Pure Heart

In college, I took a Congolese dance course taught by two elders from the Congo. One of the things they discussed with us was how the African borders drawn by European colonial powers essentially disregard the traditional nationalities and ethnic groups in Africa. For example, the cultural region of the Congo overlaps several modern African states.

I asked one of these wise men what seemed like an obvious question. Why were the borders not re-drawn after those countries gained independence?

He squinted at me and said, “What is your name?”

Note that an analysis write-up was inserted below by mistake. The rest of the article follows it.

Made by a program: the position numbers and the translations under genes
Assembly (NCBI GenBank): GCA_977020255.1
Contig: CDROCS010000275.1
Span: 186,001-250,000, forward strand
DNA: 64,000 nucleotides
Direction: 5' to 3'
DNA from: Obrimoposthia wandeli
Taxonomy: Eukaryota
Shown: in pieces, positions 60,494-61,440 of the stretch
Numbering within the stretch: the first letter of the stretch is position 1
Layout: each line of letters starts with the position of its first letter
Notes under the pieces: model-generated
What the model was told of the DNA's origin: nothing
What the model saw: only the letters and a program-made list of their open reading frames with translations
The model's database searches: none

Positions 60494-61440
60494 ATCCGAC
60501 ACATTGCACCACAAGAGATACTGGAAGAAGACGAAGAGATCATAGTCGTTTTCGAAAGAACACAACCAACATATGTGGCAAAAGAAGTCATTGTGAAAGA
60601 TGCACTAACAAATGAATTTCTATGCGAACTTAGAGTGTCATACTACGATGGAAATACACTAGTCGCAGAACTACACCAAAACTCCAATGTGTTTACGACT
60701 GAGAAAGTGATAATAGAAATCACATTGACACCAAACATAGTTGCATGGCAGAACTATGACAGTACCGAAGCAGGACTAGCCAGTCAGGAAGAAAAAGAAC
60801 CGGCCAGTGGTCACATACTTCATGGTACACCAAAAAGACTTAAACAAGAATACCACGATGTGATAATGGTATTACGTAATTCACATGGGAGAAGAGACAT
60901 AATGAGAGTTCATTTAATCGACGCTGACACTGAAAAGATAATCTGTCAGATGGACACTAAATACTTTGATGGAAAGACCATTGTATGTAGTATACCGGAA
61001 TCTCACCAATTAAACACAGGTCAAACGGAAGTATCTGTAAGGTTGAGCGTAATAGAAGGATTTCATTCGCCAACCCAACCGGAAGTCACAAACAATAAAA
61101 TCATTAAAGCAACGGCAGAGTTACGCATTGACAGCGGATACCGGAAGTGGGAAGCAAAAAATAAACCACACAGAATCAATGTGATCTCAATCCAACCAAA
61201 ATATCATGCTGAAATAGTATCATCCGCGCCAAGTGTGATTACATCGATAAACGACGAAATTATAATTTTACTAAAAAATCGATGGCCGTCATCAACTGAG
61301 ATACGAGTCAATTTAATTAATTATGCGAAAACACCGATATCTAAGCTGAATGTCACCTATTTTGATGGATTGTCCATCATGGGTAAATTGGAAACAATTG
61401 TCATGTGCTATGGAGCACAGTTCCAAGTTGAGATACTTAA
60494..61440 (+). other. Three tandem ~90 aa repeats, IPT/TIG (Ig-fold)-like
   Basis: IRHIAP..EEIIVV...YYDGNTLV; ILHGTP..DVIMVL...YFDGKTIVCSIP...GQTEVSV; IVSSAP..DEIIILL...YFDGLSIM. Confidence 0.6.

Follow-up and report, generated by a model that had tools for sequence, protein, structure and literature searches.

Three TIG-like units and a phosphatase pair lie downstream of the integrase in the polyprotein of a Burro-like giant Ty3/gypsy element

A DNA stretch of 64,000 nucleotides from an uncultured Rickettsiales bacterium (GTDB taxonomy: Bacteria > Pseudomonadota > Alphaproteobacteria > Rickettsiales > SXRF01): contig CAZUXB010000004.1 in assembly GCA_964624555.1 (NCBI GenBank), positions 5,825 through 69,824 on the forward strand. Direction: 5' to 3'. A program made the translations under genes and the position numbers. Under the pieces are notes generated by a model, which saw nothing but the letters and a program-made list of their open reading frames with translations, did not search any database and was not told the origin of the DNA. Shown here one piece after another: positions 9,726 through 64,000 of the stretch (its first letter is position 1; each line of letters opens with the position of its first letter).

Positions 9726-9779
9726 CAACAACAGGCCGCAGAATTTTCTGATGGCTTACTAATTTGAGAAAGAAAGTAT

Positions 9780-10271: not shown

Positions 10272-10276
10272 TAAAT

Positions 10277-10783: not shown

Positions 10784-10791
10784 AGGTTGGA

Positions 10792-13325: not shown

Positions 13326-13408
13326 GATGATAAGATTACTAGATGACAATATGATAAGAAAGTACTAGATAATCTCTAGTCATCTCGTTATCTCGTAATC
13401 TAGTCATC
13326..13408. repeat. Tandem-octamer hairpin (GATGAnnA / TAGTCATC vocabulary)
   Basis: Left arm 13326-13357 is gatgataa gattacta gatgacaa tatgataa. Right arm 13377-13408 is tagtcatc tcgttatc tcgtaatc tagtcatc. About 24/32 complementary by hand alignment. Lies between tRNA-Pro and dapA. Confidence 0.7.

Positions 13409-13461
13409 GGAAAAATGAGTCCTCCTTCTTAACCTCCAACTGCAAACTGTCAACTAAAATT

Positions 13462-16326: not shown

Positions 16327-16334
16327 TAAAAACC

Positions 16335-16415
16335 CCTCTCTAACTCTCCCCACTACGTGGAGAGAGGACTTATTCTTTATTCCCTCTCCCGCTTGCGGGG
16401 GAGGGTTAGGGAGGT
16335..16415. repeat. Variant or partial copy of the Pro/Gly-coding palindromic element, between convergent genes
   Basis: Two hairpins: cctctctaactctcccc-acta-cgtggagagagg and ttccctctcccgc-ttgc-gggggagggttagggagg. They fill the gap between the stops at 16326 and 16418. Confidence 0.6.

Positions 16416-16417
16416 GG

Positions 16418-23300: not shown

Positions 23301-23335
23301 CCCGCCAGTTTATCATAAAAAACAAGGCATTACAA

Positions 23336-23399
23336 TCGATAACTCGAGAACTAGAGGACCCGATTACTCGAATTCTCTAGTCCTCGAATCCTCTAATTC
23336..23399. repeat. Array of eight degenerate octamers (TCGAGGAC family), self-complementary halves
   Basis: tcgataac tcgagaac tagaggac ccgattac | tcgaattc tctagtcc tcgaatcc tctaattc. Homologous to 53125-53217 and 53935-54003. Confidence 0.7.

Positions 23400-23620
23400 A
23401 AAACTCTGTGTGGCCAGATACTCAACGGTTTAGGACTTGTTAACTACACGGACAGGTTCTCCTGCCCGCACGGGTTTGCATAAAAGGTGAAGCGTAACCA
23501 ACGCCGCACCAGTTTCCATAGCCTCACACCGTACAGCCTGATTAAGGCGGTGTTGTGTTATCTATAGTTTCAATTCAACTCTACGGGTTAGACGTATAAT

I answered hesitantly, “Robin…?”

He looked at me piercingly. “Robin, you have pure heart.”

“Um, thanks, I think?”

He went on to explain that power, once held, is not easily taken away. These countries had gained independence, but re-drawing borders would mean giving up power by losing land or even whole countries. The new independent rulers were no better than the colonial powers in this regard.

For some reason, this interaction has stuck with me. I don’t want to be totally naive. But I do want to be a little naive. To view the world with a “beginner’s mind” and approach tough problems with the optimism that people are capable of doing the right thing.

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